The colourful wood duck is a beautiful sight to see, especially considering not too long ago these ducks were on the brink of extinction to due lack of habitat and over-hunting. The Migratory Bird Treaty Act is one of the driving factors behind the resurgence of this species of duck along with the increase of artificial nesting sites like wood duck boxes by avid naturalists and bird enthusiasts across North America.

Today you can easily spot numerous wood duck boxes placed throughout wetlands and swampy areas, which are all a contributing factor to the unbelievable comeback of these birds.

Where to Place Wood Duck Boxes

It is no surprise to find a variety of duck species in wetlands and swampy areas and a little scouting out in the field should give you a few sightings of wood ducks or other species indicating that you are in the right area. You will want to find a relatively shallow wetland to set up your duck box, allowing for both easy access and exit for ducklings and easy and accessible food for the wood ducks.

When choosing a tree or post, you will want to select a solid tree or man-made post and ensure you install a predator guard, like a baffle, below the box to protect the inhabitants.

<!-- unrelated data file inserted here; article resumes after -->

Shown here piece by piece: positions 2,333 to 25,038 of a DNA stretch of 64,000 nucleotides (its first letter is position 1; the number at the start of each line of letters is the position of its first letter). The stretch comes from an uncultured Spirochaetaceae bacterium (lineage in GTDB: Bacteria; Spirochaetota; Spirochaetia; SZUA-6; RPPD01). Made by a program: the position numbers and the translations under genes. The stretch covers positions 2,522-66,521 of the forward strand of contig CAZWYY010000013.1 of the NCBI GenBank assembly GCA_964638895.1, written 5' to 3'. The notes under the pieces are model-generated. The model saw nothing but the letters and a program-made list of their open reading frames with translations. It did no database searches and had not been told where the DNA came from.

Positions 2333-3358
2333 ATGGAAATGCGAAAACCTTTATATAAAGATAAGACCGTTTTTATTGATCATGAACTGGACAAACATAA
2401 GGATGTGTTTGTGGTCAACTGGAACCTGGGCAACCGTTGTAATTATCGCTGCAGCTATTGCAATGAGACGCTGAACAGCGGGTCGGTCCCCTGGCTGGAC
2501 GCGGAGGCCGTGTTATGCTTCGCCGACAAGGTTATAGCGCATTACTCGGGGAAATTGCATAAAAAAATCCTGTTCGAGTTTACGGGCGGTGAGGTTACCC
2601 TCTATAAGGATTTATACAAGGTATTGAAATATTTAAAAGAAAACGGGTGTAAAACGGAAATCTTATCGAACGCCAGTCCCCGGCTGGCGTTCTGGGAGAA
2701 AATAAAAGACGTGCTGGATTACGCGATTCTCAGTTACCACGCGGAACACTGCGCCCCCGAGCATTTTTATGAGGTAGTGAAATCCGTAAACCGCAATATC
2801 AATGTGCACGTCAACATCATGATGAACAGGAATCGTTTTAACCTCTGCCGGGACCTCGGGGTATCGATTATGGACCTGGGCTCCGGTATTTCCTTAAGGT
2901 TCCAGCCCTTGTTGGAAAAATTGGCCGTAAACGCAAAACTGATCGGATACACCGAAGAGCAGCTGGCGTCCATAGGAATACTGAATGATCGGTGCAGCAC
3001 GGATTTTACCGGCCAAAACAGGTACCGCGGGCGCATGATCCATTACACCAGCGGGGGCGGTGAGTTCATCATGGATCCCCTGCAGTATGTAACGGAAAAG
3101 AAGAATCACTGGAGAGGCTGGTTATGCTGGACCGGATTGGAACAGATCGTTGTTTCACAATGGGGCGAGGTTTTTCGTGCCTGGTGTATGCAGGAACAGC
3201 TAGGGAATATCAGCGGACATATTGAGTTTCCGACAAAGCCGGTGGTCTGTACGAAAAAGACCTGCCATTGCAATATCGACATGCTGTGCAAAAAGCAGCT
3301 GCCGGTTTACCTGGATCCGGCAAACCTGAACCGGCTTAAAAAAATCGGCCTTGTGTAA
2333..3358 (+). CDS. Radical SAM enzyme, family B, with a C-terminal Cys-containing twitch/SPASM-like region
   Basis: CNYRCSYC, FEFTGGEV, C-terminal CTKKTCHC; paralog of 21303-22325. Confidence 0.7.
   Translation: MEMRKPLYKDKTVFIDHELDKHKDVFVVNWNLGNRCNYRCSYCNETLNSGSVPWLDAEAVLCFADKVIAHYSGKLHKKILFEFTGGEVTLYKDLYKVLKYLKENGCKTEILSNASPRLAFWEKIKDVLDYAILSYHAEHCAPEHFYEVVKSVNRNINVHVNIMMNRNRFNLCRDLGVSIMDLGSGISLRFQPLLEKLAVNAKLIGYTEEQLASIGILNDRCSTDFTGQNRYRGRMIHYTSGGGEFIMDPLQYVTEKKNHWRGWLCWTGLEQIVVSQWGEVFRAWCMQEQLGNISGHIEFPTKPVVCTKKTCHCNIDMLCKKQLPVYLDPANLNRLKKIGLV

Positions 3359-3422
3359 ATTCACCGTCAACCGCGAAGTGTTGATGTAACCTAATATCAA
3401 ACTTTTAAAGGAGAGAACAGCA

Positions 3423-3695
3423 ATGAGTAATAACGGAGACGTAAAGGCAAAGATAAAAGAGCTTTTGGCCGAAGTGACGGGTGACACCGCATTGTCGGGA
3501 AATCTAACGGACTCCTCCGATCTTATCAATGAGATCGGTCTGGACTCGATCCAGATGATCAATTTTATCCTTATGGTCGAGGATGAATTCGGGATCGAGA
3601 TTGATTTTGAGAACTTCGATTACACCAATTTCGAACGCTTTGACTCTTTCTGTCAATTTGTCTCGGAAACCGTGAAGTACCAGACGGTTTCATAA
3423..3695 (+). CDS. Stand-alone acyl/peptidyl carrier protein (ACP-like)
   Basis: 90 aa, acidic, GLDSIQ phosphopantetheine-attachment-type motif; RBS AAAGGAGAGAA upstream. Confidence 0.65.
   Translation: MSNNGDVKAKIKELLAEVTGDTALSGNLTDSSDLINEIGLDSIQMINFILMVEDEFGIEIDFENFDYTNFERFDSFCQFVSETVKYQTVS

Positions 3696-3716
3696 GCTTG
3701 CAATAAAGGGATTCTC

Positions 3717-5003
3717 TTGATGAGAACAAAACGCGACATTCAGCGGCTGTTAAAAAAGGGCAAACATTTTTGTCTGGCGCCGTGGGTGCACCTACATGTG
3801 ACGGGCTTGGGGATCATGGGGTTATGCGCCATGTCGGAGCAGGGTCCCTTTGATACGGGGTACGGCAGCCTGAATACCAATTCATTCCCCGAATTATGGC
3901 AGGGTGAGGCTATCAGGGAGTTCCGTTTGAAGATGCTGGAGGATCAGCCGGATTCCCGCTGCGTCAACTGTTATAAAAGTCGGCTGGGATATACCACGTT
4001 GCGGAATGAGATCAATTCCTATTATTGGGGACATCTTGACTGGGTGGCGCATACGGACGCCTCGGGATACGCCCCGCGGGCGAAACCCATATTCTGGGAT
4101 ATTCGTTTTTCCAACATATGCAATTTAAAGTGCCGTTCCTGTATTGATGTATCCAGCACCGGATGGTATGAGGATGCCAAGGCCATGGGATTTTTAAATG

Cleaning & Maintaining Wood Duck Boxes

Once placed in an ideal location, these boxes will have to be maintained over time, typically once a year, in the spring when left out during the winter months. Most wood duck boxes on the market today feature a hinged top door opening for easy access to the inside of the box for cleaning.

You will want to remove any and all old nesting material left in the box and bring a clean cloth to quickly wipe out the box to ensure it is clean and ready for the coming nesting season. Be sure to remember to bring nesting material along on your cleaning excursion. Wood ducks cannot carry nesting material to the nesting boxes, so it is imperative that you leave the box with adequate material for them to use over the coming nesting season.

When leaving the nesting box site, check the area surrounding and above the box to ensure no over-hanging branches, as that is an easy access point for predators like snakes.